Treatment is generally most effective in the first three months of the condition. If left untreated the disorder can spread to other areas of the body. The usual pattern of spread is up the affected extremity and on to the same side of the body. It may also spread to the opposite side of the body. Specialist intervention early on is the key to a successful outcome.
A doctor may need to try a variety of treatments. Least invasive is the application of cold or heat. Most invasive is chemical or surgical sympathectomy (removal of affected sympathetic nerves). Surgical sympathectomy involves cutting the nerves and while this can stop pain almost immediately other sensations may be destroyed as well.
Other treatments include:
- Sympathetic block (injection of a local anaesthetic into affected sympathetic nerves to block pain)
- The use of low dose tricyclic antidepressants and anticonvulsants to relieve pain sensitivity
- Medications including analgesics (pain relievers), vasodilators (increase diameter of blood vessels) and corticosteroids (reduce inflammation)
- Desensitisation of the affected area using techniques such as TENS (transcutaneous electrical nerve stimulation), massage and brushing of the skin
- Implantation of spinal cord stimulation devices and pain medication-releasing pumps into the spinal canal
- Physiotherapy (exercising affected limb to prevent contractures, maintain muscle strength and movement, and build aerobic fitness)
- Psychological counselling and education regarding the condition
- Regular aerobic exercise eg: swimming / brisk walking
Recovery is variable in CRPS. The prognosis is better with early treatment. Approximately 50 per cent of patients with CRPS suffer pain for longer than six months. Some patients with severe symptoms may not respond to treatment. For these individuals a pain management programme aimed specifically at chronic pain can be beneficial. This is usually done through a hospital-based multidisciplinary pain clinic involving medical practitioners, physiotherapist, occupational therapists, psychologists and other health professionals.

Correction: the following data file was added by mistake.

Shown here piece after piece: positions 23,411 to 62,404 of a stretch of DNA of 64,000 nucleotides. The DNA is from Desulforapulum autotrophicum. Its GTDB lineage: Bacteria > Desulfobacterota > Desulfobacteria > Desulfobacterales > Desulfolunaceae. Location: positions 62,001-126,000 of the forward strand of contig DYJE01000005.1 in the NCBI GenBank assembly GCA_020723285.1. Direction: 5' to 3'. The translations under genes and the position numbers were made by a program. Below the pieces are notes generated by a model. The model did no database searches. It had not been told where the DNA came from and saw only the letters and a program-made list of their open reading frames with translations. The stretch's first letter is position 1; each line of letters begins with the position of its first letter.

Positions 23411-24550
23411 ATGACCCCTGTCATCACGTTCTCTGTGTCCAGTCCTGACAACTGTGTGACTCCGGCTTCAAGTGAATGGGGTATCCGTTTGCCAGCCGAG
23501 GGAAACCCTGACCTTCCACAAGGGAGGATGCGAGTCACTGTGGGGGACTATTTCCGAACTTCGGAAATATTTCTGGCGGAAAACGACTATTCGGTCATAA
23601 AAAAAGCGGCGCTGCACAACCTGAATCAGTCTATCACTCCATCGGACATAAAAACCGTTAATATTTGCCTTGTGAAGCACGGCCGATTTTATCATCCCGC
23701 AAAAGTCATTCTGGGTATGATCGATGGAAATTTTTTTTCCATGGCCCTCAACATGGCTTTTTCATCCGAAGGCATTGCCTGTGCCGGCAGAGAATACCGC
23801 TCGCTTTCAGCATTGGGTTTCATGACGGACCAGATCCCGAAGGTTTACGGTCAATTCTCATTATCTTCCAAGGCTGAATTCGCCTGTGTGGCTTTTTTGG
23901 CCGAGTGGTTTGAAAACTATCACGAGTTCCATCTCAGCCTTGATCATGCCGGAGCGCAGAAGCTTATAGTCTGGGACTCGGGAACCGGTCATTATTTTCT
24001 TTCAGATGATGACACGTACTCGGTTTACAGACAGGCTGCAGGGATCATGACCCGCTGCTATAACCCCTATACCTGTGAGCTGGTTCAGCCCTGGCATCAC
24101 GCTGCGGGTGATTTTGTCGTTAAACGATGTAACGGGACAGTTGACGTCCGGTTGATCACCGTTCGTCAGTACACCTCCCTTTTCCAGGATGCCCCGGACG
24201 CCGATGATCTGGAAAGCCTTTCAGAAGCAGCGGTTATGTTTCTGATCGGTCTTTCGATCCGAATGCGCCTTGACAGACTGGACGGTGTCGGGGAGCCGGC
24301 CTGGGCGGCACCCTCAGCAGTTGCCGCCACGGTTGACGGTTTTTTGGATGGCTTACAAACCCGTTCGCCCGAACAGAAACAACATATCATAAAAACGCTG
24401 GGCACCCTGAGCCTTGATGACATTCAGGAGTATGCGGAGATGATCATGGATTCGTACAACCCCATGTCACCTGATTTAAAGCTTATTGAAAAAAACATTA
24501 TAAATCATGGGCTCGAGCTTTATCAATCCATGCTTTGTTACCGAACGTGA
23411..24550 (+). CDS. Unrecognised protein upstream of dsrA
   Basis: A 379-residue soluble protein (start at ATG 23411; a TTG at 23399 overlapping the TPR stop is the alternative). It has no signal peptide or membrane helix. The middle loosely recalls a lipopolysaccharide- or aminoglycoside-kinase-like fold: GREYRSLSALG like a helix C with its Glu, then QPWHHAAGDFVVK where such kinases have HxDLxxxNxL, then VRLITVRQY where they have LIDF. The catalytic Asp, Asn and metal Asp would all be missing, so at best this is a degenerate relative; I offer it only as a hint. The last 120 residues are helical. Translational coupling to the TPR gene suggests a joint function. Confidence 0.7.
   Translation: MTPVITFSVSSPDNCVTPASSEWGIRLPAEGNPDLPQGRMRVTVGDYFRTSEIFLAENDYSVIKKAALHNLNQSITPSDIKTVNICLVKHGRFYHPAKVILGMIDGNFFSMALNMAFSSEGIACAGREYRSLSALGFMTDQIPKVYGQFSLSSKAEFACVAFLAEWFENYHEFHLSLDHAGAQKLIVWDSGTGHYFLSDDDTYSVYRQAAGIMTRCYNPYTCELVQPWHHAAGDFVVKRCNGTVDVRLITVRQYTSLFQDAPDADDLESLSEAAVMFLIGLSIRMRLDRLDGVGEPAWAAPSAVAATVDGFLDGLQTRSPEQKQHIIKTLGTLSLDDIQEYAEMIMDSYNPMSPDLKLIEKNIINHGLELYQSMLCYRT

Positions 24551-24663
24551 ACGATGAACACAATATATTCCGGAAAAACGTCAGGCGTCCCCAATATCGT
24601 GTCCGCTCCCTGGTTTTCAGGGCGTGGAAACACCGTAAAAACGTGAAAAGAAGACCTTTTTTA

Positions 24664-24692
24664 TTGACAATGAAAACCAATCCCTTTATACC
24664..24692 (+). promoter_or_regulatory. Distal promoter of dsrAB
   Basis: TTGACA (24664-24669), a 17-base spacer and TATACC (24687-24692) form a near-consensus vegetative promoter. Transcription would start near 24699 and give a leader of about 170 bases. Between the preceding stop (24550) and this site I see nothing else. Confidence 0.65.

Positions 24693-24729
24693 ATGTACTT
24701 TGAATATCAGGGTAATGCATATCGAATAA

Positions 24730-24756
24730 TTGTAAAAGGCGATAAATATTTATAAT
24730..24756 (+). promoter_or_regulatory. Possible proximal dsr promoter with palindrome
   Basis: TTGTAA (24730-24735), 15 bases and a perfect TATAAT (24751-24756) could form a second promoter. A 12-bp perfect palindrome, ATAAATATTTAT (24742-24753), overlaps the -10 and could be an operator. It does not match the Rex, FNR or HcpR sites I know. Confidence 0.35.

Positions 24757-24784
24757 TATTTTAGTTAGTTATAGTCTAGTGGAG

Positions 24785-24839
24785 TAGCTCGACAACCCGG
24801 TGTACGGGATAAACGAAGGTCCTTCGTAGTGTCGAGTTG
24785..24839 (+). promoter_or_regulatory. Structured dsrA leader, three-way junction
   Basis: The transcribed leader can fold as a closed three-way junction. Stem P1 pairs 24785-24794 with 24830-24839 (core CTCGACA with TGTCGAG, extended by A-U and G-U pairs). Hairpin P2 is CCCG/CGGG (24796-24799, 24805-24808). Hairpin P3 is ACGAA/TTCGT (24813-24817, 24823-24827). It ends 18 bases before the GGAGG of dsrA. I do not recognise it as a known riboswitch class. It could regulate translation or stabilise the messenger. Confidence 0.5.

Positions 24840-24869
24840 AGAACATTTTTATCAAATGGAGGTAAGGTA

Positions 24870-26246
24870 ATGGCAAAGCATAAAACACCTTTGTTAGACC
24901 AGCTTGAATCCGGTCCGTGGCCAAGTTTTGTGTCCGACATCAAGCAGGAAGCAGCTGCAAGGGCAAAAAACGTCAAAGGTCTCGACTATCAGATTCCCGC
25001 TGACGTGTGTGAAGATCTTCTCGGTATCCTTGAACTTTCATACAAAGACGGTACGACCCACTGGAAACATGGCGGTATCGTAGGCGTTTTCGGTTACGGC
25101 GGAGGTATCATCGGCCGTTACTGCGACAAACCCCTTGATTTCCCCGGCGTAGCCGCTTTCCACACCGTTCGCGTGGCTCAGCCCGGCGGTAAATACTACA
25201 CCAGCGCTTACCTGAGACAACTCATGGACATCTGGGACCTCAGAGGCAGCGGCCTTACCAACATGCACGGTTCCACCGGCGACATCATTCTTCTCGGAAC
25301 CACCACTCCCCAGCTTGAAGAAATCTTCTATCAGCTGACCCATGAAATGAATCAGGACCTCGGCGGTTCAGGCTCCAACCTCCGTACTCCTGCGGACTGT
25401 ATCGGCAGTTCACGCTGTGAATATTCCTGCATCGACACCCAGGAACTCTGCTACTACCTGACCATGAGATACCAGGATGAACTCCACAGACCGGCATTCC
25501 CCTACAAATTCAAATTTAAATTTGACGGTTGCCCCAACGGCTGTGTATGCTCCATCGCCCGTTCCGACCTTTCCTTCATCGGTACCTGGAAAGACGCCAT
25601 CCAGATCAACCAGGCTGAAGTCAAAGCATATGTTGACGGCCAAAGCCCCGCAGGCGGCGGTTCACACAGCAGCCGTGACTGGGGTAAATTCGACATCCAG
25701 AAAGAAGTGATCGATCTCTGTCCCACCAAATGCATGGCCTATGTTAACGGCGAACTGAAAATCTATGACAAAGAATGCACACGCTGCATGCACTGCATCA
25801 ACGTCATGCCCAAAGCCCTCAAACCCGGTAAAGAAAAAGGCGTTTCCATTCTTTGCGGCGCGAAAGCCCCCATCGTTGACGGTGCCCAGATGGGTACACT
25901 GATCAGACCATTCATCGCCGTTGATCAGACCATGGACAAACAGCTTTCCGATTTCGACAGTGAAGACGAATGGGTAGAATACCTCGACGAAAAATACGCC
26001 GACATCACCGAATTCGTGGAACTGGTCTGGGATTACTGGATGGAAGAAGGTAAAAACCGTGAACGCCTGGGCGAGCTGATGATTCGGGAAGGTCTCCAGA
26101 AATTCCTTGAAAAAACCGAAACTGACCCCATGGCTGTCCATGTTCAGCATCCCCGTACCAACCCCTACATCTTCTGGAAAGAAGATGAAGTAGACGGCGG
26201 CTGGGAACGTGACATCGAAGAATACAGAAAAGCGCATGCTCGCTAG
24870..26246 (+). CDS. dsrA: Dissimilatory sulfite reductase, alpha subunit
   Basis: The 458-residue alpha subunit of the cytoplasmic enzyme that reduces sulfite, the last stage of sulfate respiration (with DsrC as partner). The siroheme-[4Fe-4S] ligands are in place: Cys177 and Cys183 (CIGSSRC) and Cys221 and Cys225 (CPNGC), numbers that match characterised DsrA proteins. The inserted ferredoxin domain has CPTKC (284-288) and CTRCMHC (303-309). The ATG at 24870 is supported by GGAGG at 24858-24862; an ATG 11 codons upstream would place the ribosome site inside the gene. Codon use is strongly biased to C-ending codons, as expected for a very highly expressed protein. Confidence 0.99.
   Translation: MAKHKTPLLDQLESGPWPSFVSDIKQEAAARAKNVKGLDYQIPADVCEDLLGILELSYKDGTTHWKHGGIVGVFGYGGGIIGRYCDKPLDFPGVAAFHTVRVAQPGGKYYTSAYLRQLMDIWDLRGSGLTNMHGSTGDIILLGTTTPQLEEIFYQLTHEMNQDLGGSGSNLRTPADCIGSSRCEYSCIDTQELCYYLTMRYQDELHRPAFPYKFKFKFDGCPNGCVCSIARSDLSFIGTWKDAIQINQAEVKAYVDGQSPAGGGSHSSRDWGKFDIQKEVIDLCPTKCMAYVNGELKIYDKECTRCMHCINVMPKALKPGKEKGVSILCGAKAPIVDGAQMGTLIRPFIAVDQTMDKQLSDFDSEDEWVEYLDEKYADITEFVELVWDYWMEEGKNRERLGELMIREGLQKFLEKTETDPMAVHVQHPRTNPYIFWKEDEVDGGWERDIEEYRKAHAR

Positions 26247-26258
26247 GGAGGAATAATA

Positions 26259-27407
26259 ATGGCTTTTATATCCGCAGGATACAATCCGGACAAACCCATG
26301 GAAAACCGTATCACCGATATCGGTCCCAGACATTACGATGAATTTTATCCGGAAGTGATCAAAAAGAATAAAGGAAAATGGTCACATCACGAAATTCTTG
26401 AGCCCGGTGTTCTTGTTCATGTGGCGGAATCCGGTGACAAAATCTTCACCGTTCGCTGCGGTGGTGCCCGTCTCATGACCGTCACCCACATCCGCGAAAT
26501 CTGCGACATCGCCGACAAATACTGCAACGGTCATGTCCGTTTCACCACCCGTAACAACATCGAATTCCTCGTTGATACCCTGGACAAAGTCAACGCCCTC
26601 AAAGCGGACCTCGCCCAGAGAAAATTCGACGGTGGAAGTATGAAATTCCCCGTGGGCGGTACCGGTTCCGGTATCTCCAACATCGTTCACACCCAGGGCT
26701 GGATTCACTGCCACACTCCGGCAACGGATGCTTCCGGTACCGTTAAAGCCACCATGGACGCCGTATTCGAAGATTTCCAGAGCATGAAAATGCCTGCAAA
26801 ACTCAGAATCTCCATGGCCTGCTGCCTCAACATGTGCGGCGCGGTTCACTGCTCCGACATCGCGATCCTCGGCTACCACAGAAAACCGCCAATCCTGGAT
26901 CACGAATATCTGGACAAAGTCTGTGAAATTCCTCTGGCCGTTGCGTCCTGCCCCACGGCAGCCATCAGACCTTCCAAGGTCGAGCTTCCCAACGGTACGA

Support and information
For further information or support, contact your GP or practice nurse.
Community support groups that may be able to assist include:
Pain Action in New Zealand Inc. (PAINZ)
PO Box 32 074
Ph: (03) 366 0716
FamilyDoctor.org (2011) Complex regional pain syndrome. Leawood, KS: AmericanAcademy of Family Physicians -
MayoClinic (2011) Comples regional pain syndrome. Rochester, MN: Mayo Foundation for Medical Education and Research. www.mayoclinic.com/health/complex-regional-pain-syndrome/DS00265
Shiel Jr, W.D. (2011). Relfex sympathetic dystrophy (RDS. Complex regional pain syndrome, CRPS). MedicineNet.com. New York: WebMD LLC. www.medicinenet.com/reflex_sympathetic_dystrophy_syndrome/article.htm
National Institute of Neurological Disorders and Stroke (2013) NINDS complex regional pain syndrome information page. Bethesda: National Institutes of Health www.ninds.nih.gov/disorders/reflex_sympathetic_dystrophy/reflex_sympathetic_dystrophy.htm
Last Reviewed - June 2013